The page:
IDEAS home Printed from https://ideas.repec.org/a/taf/ecinnt/v16y2007i5p307-322.html
   My bibliography  Save this article

Improving the Performance of the Education Sector: The Valuable, Challenging, and Limited Role of Random Assignment Evaluations

Author

Listed:
  • Richard J. Murnane
  • Richard R. Nelson

Abstract

In an attempt to improve the quality of educational research, the US Department of Education's Institute of Education Sciences has provided funding for 65 randomized controlled trials of educational interventions. We argue that this research methodology is more effective in providing guidance to extremely troubled schools about how to make some progress than guidance to schools trying to move from making some progress to becoming high-performance organizations. We also argue that the conventional view of medical research—discoveries made in specialized laboratories that are then tested using randomized control trials—is an inaccurate description of the sources of advances in medical practice. Moreover, this conventional view of the sources of advances in medical practice leads to incorrect inferences about how to improve educational research. We illustrate this argument using evidence from the history of medical research on the treatment of cystic fibrosis.

Suggested Citation

  • Richard J. Murnane & Richard R. Nelson, 2007. "Improving the Performance of the Education Sector: The Valuable, Challenging, and Limited Role of Random Assignment Evaluations," Economics of Innovation and New Technology, Taylor & Francis Journals, vol. 16(5), pages 307-322.
  • Handle: RePEc:taf:ecinnt:v:16:y:2007:i:5:p:307-322
    DOI: 10.1080/10438590600982236
    as

    Download full text from publisher

    File URL: http://www.tandfonline.com/doi/abs/10.1080/10438590600982236
    Download Restriction: Access to full text is restricted to subscribers.

    As the access to this document is restricted, you may want to look for a different version below or search for a different version of it.

    Other versions of this item:

    References listed on IDEAS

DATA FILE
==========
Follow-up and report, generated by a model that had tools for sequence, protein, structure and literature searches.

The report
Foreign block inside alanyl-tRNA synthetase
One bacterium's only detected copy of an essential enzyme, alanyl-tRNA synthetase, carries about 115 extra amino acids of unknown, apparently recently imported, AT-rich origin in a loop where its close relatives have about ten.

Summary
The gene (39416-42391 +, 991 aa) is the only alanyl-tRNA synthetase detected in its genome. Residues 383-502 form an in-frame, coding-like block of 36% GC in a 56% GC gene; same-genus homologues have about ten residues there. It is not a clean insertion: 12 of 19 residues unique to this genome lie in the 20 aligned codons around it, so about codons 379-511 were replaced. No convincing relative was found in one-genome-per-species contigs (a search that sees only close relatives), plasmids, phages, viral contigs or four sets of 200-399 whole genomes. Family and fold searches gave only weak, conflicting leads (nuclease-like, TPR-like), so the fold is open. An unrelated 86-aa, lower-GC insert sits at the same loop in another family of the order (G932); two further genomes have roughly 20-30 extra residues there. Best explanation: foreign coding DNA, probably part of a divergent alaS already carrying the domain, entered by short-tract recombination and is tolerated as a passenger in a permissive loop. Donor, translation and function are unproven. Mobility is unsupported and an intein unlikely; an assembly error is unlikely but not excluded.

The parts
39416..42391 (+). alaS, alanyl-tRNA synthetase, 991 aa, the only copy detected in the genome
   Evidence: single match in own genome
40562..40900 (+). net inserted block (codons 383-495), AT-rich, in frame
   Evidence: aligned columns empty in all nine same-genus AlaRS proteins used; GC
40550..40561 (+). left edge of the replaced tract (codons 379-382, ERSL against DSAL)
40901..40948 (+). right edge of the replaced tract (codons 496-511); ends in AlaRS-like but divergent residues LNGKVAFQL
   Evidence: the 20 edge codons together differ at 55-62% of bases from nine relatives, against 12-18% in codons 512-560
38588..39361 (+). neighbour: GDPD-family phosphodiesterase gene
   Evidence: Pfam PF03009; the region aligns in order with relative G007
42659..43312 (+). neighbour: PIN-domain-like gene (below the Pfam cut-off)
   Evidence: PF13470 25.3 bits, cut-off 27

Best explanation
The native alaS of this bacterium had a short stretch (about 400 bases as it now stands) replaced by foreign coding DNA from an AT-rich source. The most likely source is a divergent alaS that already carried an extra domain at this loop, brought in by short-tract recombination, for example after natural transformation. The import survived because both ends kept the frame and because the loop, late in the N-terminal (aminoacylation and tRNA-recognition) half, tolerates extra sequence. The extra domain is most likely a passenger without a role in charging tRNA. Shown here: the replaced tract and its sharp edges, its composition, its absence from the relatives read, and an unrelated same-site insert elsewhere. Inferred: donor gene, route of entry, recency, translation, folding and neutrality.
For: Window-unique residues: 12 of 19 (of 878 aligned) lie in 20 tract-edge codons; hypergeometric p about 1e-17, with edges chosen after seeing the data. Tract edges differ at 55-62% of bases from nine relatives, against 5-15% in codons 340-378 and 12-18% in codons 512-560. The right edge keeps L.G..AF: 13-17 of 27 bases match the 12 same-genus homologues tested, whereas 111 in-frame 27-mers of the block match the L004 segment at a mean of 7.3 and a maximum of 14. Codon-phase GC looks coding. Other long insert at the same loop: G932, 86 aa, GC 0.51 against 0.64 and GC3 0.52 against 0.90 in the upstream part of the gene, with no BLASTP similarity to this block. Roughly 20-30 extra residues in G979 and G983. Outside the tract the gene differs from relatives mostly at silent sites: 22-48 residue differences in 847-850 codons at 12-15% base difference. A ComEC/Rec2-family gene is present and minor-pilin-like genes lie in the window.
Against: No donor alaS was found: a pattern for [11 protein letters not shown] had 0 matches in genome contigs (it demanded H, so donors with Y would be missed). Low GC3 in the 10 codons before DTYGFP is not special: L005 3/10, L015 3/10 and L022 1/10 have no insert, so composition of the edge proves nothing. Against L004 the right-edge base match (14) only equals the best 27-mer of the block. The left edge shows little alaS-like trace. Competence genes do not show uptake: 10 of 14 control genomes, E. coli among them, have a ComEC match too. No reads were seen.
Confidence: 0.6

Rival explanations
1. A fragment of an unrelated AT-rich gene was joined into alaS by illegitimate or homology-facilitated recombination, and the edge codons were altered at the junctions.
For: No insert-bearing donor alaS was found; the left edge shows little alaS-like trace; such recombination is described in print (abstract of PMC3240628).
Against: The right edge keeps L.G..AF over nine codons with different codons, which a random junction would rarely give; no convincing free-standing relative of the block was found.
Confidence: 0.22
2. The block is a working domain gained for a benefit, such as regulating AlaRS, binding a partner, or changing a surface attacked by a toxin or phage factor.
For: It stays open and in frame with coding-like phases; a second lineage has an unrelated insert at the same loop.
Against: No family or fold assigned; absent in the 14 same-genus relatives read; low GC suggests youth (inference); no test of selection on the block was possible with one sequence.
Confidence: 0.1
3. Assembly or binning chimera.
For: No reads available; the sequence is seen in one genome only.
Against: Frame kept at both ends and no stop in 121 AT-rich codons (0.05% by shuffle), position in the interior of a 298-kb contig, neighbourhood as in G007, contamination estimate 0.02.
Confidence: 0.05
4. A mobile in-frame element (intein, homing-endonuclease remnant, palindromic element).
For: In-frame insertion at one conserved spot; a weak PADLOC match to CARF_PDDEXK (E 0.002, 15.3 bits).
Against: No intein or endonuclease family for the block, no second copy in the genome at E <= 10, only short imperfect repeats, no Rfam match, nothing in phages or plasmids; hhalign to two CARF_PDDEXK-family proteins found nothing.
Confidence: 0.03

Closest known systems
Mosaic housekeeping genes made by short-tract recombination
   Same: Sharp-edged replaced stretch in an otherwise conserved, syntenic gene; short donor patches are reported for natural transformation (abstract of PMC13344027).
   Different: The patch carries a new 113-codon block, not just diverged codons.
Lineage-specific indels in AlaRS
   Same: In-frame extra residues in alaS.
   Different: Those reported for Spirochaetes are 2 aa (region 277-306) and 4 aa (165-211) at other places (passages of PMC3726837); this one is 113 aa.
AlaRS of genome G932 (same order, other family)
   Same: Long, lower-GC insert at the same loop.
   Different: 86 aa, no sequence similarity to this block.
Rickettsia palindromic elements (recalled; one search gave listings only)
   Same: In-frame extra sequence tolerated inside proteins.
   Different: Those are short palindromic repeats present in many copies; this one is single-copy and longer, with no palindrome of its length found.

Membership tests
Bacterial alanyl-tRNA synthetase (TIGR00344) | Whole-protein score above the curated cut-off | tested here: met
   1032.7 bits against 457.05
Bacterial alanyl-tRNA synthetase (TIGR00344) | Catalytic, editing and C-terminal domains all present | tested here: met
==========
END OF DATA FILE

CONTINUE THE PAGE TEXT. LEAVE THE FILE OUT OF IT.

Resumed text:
as
    1. Eric A. Hanushek, 2004. "What if there are no 'best practices'?," Scottish Journal of Political Economy, Scottish Economic Society, vol. 51(2), pages 156-172, May.
    2. Jerik Hanushek & Dennis Kimko, 2006. "Schooling, Labor-force Quality, and the Growth of Nations," Educational Studies, Higher School of Economics, issue 1, pages 154-193.
    3. Ladd, Helen F. & Walsh, Randall P., 2002. "Implementing value-added measures of school effectiveness: getting the incentives right," Economics of Education Review, Elsevier, vol. 21(1), pages 1-17, February.
    Full references (including those not matched with items on IDEAS)

    Citations

    Citations are extracted by the CitEc Project, subscribe to its RSS feed for this item.
    as


    Cited by:

    1. Nelson, Richard R., 2016. "The sciences are different and the differences matter," Research Policy, Elsevier, vol. 45(9), pages 1692-1701.
    2. Philip J. Cook & Jens Ludwig, 2006. "Aiming for evidence-based gun policy," Journal of Policy Analysis and Management, John Wiley & Sons, Ltd., vol. 25(3), pages 691-735.
    3. Nelson, Richard R. & Buterbaugh, Kristin & Perl, Marcel & Gelijns, Annetine, 2011. "How medical know-how progresses," Research Policy, Elsevier, vol. 40(10), pages 1339-1344.

    More about this item

    Keywords

    Education; Medicine; Randomized controlled trials; Research and development;

    JEL classification:

    • I21 - Health, Education, and Welfare - - Education - - - Analysis of Education

    Statistics

    Access and download statistics

    Corrections

    All material on this site has been provided by the respective publishers and authors. You can help correct errors and omissions. When requesting a correction, please mention this item's handle: RePEc:taf:ecinnt:v:16:y:2007:i:5:p:307-322. See general information about how to correct material in RePEc.

    For technical questions regarding this item, or to correct its authors, title, abstract, bibliographic or download information, contact: (Chris Longhurst). General contact details of provider: http://www.tandfonline.com/GEIN20 .

    If you have authored this item and are not yet registered with RePEc, we encourage you to do it here. This allows to link your profile to this item. It also allows you to accept potential citations to this item that we are uncertain about.

    If CitEc recognized a reference but did not link an item in RePEc to it, you can help with this form .

    If you know of missing items citing this one, you can help us creating those links by adding the relevant references in the same way as above, for each refering item. If you are a registered author of this item, you may also want to check the "citations" tab in your RePEc Author Service profile, as there may be some citations waiting for confirmation.

    Please note that corrections may take a couple of weeks to filter through the various RePEc services.

    IDEAS is a RePEc service hosted by the Research Division of the Federal Reserve Bank of St. Louis . RePEc uses bibliographic data supplied by the respective publishers.